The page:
[Huge waves slam the port city of Wimereux in Northern France.]
Last week I griped about how various media organizations were calling the large scale cyclonic system that slammed Europe a “hurricane.” In this post, I’d like to be a bit more positive and look more closely at this weather phenomenon that was dubbed “Kyrill.” (Not Hurricane Kyrill.)
The storm had a central pressure that dropped down as low as 964 millibars, according to Wikipedia (which I’m relying on because I can’t read German). That helped produce winds as strong as 125 miles per hour. I’m not sure if these are gusts or sustained winds, but either way, that’s well past the threshhold of hurricane strength. Category 3 hurricanes have sustained winds between 111 and 130 mph. No wonder Kyrill drove huge waves and brought devastation and even a few dozen deaths.
Given such attributes, it’s perfectly legit to say that Kyrill had winds of “hurricane force” or “hurricane strength.” But of course, this was an extratropical cylcone–a storm driven by north/south temperature contrasts between air masses–and not a hurricane. In Europe these storms, at their most powerful, are also called windstorms. The German word is apparently “orkan,” which leads to definitional confusion and to some people using the word “hurricane” after translation. Names for different types of storms seem to overlap in German; “orkan” can apparently mean both “hurricane” as well as “winter gale” and “winter storm.”
Technically, however, European windstorms are very different than hurricanes, though they can also become very powerful. Still stronger than Kyrill was the Great Storm of 1987, with a pressure fall down to 958 millibars.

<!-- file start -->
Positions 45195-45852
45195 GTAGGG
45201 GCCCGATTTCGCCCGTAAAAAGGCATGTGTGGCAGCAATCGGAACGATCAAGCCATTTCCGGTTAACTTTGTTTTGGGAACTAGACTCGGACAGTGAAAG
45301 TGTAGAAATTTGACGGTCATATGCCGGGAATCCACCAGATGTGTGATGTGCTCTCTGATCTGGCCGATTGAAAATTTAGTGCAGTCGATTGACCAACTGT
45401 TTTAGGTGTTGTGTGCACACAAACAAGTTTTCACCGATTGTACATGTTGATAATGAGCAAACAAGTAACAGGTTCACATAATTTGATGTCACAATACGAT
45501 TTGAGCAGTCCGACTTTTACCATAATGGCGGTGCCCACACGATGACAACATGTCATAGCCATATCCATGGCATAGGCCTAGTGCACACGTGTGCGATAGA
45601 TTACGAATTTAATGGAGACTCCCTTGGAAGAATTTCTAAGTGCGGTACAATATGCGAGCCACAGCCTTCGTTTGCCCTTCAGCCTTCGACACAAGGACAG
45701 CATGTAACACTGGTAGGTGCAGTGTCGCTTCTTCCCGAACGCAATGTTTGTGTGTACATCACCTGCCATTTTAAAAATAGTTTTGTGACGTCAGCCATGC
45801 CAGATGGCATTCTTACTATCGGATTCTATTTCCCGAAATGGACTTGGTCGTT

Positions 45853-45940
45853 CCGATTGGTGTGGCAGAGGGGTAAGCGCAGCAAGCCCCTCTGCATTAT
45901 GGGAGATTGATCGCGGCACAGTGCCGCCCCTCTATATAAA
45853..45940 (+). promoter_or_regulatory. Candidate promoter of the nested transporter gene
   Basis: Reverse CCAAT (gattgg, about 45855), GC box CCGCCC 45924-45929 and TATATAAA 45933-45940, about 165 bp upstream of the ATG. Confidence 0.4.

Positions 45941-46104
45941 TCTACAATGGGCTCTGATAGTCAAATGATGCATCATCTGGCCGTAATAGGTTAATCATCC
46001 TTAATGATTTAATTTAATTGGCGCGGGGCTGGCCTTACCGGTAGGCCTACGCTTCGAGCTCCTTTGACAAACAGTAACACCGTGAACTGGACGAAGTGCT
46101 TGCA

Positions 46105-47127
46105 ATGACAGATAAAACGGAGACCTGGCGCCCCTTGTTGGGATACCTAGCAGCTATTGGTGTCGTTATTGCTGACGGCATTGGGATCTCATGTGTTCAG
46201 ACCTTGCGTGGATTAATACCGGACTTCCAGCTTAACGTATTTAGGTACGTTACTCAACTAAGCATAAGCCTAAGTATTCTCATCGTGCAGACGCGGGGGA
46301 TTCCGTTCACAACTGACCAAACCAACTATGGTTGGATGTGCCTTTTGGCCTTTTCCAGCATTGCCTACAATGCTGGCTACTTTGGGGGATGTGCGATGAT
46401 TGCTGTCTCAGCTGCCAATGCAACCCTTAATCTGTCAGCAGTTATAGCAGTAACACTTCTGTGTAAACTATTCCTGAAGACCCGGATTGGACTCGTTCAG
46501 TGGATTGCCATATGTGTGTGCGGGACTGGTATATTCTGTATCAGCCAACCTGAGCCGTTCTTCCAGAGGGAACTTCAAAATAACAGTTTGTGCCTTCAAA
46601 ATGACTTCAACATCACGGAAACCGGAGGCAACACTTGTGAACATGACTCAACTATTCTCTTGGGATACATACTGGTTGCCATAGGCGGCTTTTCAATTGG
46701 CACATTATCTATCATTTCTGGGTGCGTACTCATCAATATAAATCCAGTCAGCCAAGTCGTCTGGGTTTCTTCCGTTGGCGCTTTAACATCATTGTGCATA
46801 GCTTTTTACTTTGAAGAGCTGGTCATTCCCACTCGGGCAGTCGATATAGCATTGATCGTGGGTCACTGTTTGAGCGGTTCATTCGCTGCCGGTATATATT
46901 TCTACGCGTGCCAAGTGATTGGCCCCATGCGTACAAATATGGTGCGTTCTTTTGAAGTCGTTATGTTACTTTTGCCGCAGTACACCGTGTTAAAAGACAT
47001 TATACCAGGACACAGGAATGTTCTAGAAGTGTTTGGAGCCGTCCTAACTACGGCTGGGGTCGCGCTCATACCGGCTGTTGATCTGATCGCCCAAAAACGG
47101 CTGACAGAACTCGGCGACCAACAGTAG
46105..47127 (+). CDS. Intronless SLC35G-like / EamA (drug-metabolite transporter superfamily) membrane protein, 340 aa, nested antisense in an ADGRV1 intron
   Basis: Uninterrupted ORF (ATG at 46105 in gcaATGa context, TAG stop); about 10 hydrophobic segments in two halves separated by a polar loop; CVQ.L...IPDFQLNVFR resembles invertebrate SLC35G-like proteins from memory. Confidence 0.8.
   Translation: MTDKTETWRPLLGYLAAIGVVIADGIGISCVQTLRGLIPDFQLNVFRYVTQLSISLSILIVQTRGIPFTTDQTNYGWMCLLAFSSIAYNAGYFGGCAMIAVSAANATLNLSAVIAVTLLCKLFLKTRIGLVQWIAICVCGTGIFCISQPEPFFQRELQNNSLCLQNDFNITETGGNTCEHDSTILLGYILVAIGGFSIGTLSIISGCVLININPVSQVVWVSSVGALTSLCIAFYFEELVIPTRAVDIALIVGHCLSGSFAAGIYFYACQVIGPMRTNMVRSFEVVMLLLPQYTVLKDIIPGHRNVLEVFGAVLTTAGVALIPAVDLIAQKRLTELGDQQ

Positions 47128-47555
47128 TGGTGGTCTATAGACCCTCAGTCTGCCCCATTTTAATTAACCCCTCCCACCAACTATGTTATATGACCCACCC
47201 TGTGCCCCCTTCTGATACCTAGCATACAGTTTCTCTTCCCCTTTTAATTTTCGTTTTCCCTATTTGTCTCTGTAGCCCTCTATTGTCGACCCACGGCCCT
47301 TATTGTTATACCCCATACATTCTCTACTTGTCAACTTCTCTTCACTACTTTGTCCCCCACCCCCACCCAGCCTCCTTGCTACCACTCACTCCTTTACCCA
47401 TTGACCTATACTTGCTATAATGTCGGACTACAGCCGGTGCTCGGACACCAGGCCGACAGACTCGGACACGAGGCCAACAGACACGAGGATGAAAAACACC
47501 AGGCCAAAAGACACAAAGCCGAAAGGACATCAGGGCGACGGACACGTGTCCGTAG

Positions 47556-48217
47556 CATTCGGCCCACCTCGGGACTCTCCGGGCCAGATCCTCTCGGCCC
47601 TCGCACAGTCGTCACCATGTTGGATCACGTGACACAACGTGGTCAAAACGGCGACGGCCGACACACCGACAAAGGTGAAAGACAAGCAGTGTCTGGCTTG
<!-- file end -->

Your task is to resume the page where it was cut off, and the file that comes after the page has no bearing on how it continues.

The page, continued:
What all of this goes to show is that there is considerable overlap, both in terms of their manifestations and in terms of their effects, between hurricanes (tropical cyclones) and extratropical cyclones. There’s no doubt that tropical cyclones can become considerably more powerful than extratropical ones, at least in the deep tropics. There’s no doubt that the pressure falls in the most extreme tropical cyclones are much lower than in the most extreme extratropical ones.
Both types of storms, however, can produce winds upwards of 100 mph and areas of very low pressure. Just imagine being an 18th or 19th century weather watcher off, say, the coast of Boston, and trying to tell the difference between one type of storm and the other. You wouldn’t have a clue.
Our ability to distinguish between types of cyclones is a product of the era of radar and satellite meteorology. When the media dubbed Kyrill a hurricane, by contrast, they were hearkening back to a much earlier era, when words like “storm,” “gale,” “hurricane,” and so forth were used far more interchangeably. Journalists really ought to be more up to speed on the state of the science; but their confusion is in some sense not just understandable but, indeed, grounded in both etymology and history.